you to purchase all such articles for the sick as may be recommended by the surgeon.
Very respectfully, your obedient servant,
Colonel Third Infantry and Commissary-General of Prisoners.
WASHINGTON, D. C., December 2, 1863.
Major General E. A. HITCHCOCK,
Commissioner for Exchange of Prisoners:
SIR: Having executed your instructions of 29th of October last, I respectfully beg leave to report that on or about the 31st of October I reported in person to Brigadier General S. A. Meredith, at Fort Monroe, and at that time anticipated an early meeting with Honorable Robert Ould, the Confederate agent of exchange. The state of the correspondence and negotiations between Mr. Ould and General Meredith, however, rendered it inexpedient that any personal consultation with Mr. Ould should then take place. Under the direction of General Meredith I immediately employed myself in getting forwarded supplies of forward supplies of food and clothing for our prisoners in Richmond, as ordered by the Department. My first and only interview with Mr. Ould was on the 23rd ultimo. It was informal, and indeed unofficial, so far as matters relating to exchange were concerned, but referred mainly to the action of our Government in sending forward supplied to the Richmond prisoners- officers, soldiers, and citizens.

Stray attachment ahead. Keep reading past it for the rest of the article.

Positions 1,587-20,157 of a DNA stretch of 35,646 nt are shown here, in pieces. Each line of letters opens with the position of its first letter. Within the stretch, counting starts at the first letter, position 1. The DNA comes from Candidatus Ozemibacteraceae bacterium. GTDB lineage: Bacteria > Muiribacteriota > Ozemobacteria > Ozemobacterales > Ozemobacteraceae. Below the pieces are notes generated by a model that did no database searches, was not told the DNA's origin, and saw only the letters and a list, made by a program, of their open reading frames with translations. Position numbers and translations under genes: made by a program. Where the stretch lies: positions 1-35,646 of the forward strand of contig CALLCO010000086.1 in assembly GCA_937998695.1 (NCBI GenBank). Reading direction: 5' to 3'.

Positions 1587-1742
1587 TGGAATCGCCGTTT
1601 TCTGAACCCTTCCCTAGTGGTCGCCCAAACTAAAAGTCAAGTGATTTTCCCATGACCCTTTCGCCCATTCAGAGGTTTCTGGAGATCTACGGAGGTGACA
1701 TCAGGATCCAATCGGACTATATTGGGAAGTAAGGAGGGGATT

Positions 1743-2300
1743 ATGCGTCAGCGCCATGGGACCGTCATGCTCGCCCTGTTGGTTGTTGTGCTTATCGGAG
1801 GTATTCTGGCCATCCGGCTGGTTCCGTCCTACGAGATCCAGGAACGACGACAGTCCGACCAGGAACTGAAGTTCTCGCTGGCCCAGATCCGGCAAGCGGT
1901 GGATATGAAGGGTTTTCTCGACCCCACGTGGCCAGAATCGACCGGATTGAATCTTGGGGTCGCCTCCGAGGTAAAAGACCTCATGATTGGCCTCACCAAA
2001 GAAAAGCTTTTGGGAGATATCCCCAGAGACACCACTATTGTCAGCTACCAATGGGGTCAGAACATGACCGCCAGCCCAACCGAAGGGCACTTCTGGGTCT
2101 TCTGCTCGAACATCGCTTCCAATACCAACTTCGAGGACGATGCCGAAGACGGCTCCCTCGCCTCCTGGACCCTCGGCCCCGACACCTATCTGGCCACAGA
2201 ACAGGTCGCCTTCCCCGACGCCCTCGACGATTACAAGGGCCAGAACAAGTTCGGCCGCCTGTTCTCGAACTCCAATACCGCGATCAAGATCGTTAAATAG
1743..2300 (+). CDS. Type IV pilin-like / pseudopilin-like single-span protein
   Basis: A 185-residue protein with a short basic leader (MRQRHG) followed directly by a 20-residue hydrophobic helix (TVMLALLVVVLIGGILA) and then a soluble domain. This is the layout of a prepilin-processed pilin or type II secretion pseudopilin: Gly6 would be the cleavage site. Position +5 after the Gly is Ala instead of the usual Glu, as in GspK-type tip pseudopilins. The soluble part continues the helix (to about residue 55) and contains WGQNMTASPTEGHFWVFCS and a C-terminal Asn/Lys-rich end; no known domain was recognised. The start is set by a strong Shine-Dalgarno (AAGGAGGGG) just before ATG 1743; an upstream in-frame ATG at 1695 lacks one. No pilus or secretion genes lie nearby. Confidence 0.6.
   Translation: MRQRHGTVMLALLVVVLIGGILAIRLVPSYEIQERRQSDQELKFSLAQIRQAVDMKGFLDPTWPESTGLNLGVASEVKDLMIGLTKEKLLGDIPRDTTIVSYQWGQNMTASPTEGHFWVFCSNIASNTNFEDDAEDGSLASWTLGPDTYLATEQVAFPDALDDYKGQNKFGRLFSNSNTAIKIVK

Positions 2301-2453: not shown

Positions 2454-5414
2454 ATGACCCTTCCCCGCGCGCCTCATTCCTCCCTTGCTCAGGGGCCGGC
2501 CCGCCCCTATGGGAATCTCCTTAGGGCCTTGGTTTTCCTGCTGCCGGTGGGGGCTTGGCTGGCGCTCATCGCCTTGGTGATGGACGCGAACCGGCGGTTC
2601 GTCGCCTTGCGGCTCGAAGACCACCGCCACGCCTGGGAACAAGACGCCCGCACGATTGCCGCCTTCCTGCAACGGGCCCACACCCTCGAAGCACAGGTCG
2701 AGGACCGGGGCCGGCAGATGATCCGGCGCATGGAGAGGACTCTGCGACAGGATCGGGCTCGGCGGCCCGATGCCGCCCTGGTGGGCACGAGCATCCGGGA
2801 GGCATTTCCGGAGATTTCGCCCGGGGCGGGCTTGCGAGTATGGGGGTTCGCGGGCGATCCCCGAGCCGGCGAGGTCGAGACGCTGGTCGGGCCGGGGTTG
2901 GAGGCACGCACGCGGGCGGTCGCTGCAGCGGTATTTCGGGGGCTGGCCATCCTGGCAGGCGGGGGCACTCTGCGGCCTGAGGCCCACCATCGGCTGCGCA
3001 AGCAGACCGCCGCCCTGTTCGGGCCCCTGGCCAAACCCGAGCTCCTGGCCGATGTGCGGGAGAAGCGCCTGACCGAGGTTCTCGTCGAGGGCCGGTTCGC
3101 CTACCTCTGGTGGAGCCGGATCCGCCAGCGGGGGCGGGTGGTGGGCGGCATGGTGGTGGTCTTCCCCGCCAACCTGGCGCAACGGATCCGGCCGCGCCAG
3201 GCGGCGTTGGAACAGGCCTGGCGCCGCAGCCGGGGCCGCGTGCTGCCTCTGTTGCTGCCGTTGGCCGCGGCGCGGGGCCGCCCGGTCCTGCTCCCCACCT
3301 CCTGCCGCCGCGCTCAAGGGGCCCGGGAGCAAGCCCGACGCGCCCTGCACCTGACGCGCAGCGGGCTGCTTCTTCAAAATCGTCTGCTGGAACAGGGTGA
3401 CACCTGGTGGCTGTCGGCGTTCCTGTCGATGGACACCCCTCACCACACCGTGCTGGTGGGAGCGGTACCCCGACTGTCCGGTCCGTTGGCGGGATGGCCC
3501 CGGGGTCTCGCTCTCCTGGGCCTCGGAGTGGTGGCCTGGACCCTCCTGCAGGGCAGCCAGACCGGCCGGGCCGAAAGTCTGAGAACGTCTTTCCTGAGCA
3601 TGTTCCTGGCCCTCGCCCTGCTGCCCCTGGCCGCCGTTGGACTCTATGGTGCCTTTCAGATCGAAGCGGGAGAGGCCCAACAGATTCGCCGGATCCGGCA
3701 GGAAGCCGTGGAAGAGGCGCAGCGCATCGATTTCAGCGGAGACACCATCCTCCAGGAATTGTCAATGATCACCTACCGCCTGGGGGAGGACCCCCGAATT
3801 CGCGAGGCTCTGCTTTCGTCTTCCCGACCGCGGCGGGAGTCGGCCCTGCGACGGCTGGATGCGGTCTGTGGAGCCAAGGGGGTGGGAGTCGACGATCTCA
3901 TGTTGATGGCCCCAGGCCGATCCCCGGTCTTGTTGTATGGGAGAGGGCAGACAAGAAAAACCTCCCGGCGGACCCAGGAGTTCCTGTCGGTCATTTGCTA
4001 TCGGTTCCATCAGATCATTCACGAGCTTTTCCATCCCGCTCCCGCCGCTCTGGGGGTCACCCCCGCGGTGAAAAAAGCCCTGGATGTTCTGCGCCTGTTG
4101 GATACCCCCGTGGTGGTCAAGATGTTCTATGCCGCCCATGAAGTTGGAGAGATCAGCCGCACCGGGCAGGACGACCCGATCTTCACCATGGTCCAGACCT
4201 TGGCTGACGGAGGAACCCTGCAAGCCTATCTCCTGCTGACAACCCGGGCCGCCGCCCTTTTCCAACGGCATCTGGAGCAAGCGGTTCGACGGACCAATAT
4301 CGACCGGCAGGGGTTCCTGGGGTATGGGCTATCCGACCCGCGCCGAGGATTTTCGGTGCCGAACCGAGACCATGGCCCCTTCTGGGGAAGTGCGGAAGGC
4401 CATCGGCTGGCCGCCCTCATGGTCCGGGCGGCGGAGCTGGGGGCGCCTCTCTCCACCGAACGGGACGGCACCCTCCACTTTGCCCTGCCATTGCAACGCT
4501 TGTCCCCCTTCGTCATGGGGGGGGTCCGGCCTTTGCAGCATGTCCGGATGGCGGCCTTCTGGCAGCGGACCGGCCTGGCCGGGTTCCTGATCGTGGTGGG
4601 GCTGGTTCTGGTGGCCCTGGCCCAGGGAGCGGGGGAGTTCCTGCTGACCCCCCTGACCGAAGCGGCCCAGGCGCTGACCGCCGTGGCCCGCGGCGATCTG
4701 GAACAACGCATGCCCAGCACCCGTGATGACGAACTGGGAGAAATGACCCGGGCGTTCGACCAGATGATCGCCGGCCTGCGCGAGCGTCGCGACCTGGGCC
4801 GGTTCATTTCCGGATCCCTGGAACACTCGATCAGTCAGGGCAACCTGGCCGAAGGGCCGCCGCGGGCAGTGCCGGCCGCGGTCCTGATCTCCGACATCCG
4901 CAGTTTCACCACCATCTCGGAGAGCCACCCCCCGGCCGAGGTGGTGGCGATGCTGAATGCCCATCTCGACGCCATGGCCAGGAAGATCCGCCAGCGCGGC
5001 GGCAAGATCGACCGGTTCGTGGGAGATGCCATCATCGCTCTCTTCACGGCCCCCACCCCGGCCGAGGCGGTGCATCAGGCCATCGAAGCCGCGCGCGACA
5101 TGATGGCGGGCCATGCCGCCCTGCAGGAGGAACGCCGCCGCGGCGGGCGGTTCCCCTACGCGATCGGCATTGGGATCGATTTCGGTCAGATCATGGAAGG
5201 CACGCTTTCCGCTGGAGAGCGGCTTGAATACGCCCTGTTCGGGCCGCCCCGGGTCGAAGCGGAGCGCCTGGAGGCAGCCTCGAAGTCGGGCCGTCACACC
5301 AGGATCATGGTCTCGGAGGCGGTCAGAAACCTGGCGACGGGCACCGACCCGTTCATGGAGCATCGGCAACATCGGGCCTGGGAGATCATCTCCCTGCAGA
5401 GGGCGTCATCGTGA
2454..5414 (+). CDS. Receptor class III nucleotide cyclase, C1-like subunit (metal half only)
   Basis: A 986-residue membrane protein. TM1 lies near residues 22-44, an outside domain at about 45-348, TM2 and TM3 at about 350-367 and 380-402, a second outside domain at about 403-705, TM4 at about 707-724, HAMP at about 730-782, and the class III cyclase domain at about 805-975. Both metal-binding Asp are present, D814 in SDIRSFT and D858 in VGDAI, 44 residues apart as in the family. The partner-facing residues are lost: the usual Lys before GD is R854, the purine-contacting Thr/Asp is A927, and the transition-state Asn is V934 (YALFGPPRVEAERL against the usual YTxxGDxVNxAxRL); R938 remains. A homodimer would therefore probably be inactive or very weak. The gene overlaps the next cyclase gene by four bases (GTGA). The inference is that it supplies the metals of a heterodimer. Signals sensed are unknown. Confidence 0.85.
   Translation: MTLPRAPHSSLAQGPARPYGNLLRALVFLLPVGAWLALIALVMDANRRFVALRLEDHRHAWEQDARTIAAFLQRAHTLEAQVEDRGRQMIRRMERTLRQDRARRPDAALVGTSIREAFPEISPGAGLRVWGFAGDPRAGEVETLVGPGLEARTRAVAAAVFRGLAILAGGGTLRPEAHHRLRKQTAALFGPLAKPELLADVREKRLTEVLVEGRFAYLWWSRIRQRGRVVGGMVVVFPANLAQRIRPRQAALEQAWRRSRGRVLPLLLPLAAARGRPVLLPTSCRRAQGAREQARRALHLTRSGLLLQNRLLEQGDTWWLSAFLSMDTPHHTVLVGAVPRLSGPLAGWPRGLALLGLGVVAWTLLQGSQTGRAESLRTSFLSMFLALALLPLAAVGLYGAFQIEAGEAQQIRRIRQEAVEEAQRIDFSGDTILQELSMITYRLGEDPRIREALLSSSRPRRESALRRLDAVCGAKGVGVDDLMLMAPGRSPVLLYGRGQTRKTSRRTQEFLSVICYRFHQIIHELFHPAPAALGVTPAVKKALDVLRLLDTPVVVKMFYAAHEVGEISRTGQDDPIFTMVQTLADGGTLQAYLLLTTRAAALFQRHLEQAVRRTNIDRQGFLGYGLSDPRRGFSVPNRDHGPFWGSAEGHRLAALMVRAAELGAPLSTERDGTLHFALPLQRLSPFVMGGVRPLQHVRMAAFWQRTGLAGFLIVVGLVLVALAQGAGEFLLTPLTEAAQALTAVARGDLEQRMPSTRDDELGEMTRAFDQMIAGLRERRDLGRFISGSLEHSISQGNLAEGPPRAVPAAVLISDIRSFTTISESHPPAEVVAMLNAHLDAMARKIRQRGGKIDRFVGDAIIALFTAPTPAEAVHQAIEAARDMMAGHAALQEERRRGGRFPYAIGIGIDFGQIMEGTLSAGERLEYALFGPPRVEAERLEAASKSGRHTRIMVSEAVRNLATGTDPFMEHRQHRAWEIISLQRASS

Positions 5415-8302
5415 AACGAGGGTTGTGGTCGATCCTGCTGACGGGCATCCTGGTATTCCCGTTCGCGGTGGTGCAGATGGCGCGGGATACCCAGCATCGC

Allusion was incidentally made to the question of exchange and the correspondence and statements that had then recently been punished in the Richmond papers on that subject. I took occasion to assure Mr. Ould that he had misconceived the intention of the United States Government in attributing to it a settled policy against any exchange of prisoners. To which he replied, in substance, that possibly he had; that his last dispatches received from General Meredith contained a communication from Major-General Hitchock to General Meredith on the subject of the paroles in dispute which seemed to evince a spirit of fairness that led him to hope that some settlement favorable to exchange could be made. On the 25th ultimo I accompanied General Meredith to City Point for the purple of having an interview with Mr. Ould. We reached City Point just at evening and as the rebel flag-of-truce boat arrived there with our surgeons and with Mr. Ould on board. In the course of the evening General Meredith held an interview with him on board the rebel boat, at which I was not present. In that interview General Meredith assures me he made a direct inquiry of Mr. Ould if he would exchange, officer for officer, man for man, and rank for rank, or equivalents, to which he replied that he would only do so provided the United States Government would release on parole all Confederate prisoners of war now held as such. At the time I was detailed for duty in your bureau I entertained the conviction that the Confederate authorities would exchange prisoners to the number held by them without reference to existing complications, deferring all disputed question for future settlements. Such conviction was based on assurances repeatedly given to our officers prisoners in Richmond by official connected with the Confederate rule there, and given to me by at least two officers of the Confederate exchange bureau at the time of my release. I also entertained the belief that the Government at